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I love BBQ brisquet, and I made this process up. You will need to plan ahead, as this takes a long time to marinate, but the amount of work is very small.
Depends on Size of Brisket
Select a whole (Cry-o-Vac) bag brisket (8-16 pounds).
The meat may "feel" hard in some areas, this is fat that you should plan on trimming down before rubbing.
Wash your hands.
Remove meat from bag - rinse in cold water. Pat dry with paper towels.
This cut of meat has 2 sides - a fatty side and a lean side. Feel the fatty side with your fingers, if there is a hard area - slice horizontally to remove about ½ inch of the fat, feel it again, if its still hard, slice again. The goal of this step is to remove some - but not all of the fat.
Turn the meat over and using a soup spoon sprinkle the rub over the entire side of meat. Then use the smooth side of the spoon to rub the spice into the meat, the spice will turn a slightly darker color when it’s wet. Keep sprinkling spice on the meat and rubbing until you can't see the meat. On a 16 pound piece, I used about 8 spoonfuls. Turn it over, repeat on the fat side - use a couple more scoops (10-12) on this side than you did on the lean side. The "rubbing" with the smooth side of the spoon presses the spice into the meat, use moderate pressure.
Open the bag - put 1 tbl. of flour in it close it with lots of air inside and shake it up.
Put the meat into the bag, seal the bag, and put it on a platter in your refrigerator for 24 hours. (At least 12, I've never tried longer than 25 hours.)
Preheat over to 325, put in pan (no rack or grate is necessary) for the lowest amount of time that the bag recipe calls for. (12-16 lb for 3- 3 ½ hours.) This "in the bag" cooking keeps all the moisture inside. I only cut 1 small hole in the bag for the steam to escape. I use a regular roasting pan to cook the brisket.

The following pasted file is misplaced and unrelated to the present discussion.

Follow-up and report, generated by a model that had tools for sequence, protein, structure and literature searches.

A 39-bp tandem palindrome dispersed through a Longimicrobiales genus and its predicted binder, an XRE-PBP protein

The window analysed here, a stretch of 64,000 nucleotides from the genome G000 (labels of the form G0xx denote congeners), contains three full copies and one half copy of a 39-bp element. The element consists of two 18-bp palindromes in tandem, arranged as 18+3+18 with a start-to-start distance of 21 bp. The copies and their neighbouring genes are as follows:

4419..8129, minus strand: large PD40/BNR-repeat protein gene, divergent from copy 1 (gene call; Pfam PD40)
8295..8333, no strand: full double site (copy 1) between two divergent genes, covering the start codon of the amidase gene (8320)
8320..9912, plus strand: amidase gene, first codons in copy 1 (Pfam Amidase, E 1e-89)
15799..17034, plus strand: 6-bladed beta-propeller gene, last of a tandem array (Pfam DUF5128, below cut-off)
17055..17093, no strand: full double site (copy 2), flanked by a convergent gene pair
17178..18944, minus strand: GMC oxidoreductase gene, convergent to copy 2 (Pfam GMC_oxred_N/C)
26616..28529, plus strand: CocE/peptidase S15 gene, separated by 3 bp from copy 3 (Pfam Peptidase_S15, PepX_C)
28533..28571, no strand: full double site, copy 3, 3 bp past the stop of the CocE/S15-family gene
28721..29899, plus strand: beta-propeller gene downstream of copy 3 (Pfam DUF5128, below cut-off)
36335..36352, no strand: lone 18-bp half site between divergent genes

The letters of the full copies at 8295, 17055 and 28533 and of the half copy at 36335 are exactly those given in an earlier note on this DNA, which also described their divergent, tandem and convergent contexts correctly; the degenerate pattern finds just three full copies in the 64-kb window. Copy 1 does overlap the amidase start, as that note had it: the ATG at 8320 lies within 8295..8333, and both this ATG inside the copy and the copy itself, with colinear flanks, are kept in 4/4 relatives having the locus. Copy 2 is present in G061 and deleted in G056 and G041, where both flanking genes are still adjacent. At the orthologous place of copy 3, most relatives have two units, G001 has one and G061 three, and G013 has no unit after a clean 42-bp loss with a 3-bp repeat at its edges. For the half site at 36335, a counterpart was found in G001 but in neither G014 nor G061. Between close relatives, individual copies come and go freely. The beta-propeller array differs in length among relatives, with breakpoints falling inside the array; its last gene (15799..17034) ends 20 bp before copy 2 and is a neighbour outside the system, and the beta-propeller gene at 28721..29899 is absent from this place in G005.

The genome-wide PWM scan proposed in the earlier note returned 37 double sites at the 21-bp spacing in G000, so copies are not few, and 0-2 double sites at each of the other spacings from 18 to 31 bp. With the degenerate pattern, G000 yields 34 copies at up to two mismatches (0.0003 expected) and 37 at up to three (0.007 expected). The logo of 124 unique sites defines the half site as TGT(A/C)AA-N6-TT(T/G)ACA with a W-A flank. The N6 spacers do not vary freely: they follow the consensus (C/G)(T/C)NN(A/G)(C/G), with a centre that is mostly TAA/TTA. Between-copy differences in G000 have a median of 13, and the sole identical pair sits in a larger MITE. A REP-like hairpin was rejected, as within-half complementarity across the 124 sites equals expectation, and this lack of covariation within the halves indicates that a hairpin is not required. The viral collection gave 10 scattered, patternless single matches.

Remove from oven and let it cool for about 1/2 hour or so.
Remove from bag. Cut the fat off the brisket. Put it in a glass 9x12 baking dish. If your glass baking dish is big enough, put the whole thing in. If it's not, you can cut it into pieces that will fit.
Pour the juice into a grease-draining cup. Pour the broth over the meat. It's ok if a little of the grease escapes this process.
Cover/seal the baking dish and put in refrigerator (12 hours is the shortest time I've done.).
Remove from refrigerator. This part is messy. I use a spoon to scrap off most of the "jelly," so that I can see what I'm about to slice up. Start on the fat side and remove any remaining fat. Take your time. It's better to slice away too little the first time than throw away any meat. Throw away all this excess fat.
There are several "layers" of meat in this cut. They are sepeated by fat that looks like swiss cheese. If you can see the layers, separate them and remove the fat. If you don’t see it right away, it will show up when you start to slice.
Slice the meat AGAINST the grain about 3/8 to 1/2 inch thick. As Emril says, "It’s about the love," and "It's not rocket science." These cuts of meat have various "parts," and the grain will not all be going the same way. Separate the pieces so that you’re working a piece that has the grain going one way, and slice away. Put the slices into the glass baking dish with all the jelly.
When you have sliced it all up, put it into the oven at 300 degrees for about 1/2 hour. Remove every 10 minutes, and flip it over so that it all gets a good bath in the juice.
Serve on bread of your choice as sandwiches, or not. It’s very yummy and probably won't require the addition of any BBQ Sauce.
This recipe was provided by Barton Gill from Wichita.